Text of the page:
The first meeting of the club was held in approximately 1940 or thereabouts. At the time, they evidently met in the Kentish Guards Armory on Pierce St. in East Greenwich. Anyway, my mother drove my father to the meeting, only to discover a row of guys sitting on the curb with their feet in the gutter, as no one had gotten a key to get into the Armory!  So that was his introduction to the club.

At some point after that, the club got land on Belleville Pond in North Kingstown, and built a small clubhouse there. They were there until the Town took over the land around Belleville Pond for use for recreation. My playhouse, as a child, was actually the clubhouse – or part of it – which my dad took down and brought home.

As the club was looking for a new home, the land around Tippecansett Pond and the pond went on the market. The club did not have any money to buy it.  My mother and father loaned the club the $10,000 they needed, and a real gem of a property became the new home for the South County Rod and Gun Club.

Over the years, my dad spent a lot of time working on club activities. I believe he was treasurer for a while; and I know he cooked or otherwise helped out at almost every event. In the late 1950s and 60s, the rod aspect of the club’s name became a bigger facet of club activities as a team was entered from South County in the U.S. Atlantic Tuna Tournaments being held annually at Pt. Judith.  My father was a member of the 4 boat teams for several years with our 42 foot power boat, the “Nancy Anne”. His crew was usually Ned Brennan and Bill Waring, and he always took the less experienced club members who wanted to fish the tournament. I know the Walter Maynard and Eddie Tarsa also fished as part of the So. County Team with their boats, and Dr. Clarke might have been the 4th boat (I’m not sure of that). I know that they did very well, winning one year; and also winning the Cape Cod Tuna Tournament one year (the only year they went, I think.) I have a scrapbook of the Pt. Judith tournaments, if you would like to look through it.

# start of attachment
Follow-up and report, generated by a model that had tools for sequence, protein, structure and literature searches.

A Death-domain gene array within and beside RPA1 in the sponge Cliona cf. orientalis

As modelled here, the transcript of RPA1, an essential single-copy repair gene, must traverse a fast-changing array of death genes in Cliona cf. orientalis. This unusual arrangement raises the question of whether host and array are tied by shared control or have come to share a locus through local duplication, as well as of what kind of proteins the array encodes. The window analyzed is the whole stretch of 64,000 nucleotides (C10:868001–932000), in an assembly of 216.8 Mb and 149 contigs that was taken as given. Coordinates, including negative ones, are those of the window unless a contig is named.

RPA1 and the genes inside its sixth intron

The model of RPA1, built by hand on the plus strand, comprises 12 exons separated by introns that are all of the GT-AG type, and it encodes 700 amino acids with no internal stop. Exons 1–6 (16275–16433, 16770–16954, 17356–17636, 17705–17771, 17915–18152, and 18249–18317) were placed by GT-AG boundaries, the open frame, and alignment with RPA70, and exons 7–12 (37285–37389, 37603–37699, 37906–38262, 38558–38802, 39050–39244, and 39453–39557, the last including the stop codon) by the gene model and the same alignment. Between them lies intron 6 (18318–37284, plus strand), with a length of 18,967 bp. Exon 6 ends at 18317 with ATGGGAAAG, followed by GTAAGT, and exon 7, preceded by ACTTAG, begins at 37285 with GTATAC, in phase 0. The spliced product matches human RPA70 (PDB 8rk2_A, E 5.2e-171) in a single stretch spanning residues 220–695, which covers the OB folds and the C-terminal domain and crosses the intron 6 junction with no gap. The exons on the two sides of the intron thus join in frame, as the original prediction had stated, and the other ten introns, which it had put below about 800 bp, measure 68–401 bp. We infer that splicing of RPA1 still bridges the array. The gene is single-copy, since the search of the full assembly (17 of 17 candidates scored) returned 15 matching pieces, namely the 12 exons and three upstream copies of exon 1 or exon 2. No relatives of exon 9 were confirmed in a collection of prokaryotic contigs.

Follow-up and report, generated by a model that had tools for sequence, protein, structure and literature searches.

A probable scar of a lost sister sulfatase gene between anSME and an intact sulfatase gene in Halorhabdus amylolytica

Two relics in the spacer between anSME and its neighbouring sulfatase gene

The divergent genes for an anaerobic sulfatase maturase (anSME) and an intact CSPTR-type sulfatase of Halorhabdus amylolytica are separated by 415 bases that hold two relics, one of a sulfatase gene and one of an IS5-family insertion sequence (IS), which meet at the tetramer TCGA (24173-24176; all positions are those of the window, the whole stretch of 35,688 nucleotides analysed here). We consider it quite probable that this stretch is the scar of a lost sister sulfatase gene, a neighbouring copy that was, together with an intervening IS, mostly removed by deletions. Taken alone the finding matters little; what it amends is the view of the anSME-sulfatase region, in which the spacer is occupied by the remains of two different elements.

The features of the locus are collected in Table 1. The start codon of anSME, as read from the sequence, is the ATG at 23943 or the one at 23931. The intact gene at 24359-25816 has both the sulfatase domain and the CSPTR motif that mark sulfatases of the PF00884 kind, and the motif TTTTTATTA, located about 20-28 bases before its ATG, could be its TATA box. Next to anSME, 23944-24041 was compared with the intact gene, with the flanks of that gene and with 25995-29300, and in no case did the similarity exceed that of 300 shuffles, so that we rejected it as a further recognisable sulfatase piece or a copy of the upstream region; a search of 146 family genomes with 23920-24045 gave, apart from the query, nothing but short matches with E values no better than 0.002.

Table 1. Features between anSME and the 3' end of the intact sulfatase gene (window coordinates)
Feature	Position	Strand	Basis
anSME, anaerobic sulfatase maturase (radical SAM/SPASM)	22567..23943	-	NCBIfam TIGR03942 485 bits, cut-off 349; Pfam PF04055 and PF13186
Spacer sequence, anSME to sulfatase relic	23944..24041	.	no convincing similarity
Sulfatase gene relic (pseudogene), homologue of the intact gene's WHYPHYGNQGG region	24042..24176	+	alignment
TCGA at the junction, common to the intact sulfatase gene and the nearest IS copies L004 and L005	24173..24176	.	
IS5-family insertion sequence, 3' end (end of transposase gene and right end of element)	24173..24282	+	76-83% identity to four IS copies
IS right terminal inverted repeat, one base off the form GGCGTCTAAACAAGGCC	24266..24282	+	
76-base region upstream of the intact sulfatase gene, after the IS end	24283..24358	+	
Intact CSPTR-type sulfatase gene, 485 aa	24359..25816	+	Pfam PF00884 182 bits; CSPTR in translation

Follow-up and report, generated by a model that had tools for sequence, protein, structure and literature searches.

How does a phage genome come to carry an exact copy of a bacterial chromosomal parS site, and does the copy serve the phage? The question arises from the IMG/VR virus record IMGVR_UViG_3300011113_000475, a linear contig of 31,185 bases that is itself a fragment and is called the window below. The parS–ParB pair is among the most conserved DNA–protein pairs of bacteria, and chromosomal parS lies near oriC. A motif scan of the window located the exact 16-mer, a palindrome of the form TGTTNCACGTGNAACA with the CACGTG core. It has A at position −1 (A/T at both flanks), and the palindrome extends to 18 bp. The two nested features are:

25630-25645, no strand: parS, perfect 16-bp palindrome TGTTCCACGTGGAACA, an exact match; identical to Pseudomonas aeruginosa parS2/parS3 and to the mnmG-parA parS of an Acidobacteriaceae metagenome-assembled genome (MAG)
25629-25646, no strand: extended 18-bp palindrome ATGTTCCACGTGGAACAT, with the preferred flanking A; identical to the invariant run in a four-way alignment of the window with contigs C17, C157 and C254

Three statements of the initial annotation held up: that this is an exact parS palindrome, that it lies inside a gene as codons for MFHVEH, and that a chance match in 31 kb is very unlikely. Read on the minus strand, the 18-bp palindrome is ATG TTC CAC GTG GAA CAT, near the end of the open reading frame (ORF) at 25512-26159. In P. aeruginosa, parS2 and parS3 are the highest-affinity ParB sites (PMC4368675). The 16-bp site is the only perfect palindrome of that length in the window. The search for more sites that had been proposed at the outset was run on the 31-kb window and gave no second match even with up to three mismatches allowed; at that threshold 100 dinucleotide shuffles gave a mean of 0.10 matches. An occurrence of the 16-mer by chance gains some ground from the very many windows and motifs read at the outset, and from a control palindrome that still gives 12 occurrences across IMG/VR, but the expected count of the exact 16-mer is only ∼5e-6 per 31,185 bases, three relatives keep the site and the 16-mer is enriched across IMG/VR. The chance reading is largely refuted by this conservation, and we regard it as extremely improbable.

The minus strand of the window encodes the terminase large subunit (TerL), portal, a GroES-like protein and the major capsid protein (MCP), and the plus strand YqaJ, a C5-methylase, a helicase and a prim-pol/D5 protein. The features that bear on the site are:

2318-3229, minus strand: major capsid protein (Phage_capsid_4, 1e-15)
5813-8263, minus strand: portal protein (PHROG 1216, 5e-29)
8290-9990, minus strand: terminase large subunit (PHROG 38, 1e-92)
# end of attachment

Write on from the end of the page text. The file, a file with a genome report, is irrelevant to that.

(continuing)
In the late 1960s and early 1970s, through my dad, I was able to use the club as a base for the 30 mile competitive endurance rides (horseback) which I was running for my club, the Drum Rock Riding Club. Entrants from all over New England loved coming to South County Rod and Gun for the pleasant and spacious facilities and of course, for the excellent trails in Arcadia and Pachaug.

I also ran a National Hunting and Fishing Day celebration for the Federated R.I. Sportsmen’s Clubs – I was secretary for 13 years – at South County for several years. We always got a good turnout and introduced a lot of new people to field sports. We had demos of skeet and trap, stationary exhibits in the clubhouse, usually including a natural scene with all of the taxidermy mounts which I could borrow from DEM – one year, we even did a small pond. (I sent the kids out to catch frogs, and they got a lot, which we let loose so that at any time of the day there would be one sitting on a lily pad in the pond. Not so easy to clean up afterwards!! The club sold hotdogs and hamburgers, etc. I don’t think anyone does the National Hunting and Fishing Day Celebrations anymore.

After my father died in the 1970s, the New England Chapter of the Society of American Foresters planted a beech tree south of the clubhouse in memory of my dad. I believe it is still standing.

Anne D. Holst